“Unauthorized” tethering remains a popular, albeit controversial practice in the United States.
While several mobile phone carriers clearly consider “unauthorized” tethering illegal in their Terms of Service (TOS), many users beg to differ.
Tethering (also known as mobile hotspot service) is the use of a mobile phone to indirectly connect another device – such as a tablet or laptop – to the Internet.
The connection between the phone and the connected device may be achieved via a USB cable, Bluetooth or Wi-Fi. Multiple devices can also be connected to the Internet using the same phone.
Most carriers in the US require that tethering be paid for separately as a distinct service, with costs ranging from $20-$30 for tethering up to 8 devices at a go.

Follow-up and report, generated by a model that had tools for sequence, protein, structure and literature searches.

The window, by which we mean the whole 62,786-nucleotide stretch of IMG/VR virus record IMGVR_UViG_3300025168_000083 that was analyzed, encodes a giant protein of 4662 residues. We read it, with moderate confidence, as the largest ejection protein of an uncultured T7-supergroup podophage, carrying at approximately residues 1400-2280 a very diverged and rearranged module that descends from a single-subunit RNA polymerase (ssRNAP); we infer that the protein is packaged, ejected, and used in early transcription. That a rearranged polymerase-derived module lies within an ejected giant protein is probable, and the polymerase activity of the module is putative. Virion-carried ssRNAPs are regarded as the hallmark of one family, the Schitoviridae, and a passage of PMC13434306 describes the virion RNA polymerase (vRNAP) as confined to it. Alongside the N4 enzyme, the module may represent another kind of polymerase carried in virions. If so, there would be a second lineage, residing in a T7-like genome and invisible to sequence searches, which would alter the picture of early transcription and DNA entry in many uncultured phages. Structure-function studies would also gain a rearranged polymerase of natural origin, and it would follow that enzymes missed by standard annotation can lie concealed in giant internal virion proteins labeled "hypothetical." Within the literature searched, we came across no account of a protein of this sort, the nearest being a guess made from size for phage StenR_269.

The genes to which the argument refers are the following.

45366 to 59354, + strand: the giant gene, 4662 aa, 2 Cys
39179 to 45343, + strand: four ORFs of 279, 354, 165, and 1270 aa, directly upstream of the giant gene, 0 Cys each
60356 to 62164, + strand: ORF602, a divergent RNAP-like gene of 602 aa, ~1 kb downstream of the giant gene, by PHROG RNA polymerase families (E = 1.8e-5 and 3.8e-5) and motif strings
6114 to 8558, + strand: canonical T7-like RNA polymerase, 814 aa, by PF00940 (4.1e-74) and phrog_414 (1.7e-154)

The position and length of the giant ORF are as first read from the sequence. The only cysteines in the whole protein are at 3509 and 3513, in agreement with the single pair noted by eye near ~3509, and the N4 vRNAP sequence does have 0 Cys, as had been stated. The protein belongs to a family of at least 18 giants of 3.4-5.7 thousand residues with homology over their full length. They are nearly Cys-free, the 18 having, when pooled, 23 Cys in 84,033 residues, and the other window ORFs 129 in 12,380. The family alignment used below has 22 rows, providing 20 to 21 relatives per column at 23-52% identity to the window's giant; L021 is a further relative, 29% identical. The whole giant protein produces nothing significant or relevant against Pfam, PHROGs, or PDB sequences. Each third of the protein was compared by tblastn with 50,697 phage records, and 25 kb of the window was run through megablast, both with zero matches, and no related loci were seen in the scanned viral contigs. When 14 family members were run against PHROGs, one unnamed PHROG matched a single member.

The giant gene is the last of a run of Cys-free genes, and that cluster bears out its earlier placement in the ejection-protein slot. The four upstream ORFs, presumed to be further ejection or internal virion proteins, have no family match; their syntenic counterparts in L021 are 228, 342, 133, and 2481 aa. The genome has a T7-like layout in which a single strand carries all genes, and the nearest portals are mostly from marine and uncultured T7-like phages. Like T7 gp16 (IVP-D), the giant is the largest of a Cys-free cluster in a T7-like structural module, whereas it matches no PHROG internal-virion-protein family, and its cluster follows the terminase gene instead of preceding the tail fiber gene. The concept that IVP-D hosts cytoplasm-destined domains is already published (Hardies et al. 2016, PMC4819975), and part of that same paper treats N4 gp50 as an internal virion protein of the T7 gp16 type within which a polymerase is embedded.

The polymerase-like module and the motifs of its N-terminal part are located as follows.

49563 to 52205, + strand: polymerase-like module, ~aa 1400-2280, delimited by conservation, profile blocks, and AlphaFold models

Of course, numerous smartphones can also have their settings modified to allow tethering outside the paid service.
Smartphone users who see no problem with unauthorized tethering argue they are already on a paid data plan and so are free to use the data plan as they wish.
While smartphone owners have, to a large extent, managed to get away with non-paid tethering, the good times are unlikely to last much longer.
If the carrier’s TOS clearly prohibits unauthorized tethering, the provider effectively has the law on their side. As such, it is only a matter of time before providers crack the whip.
Obviously, cracking down on the practice doesn’t necessarily mean taking “disobedient” customers to court or terminating their plans. Carriers are more likely to employ a less confrontational approach to avoid angering their subscribers.
AT&T has provided a hint of the path other carriers are likely to follow. The company recently announced that iPhone users who have been tethering for free will be automatically moved to the paid service.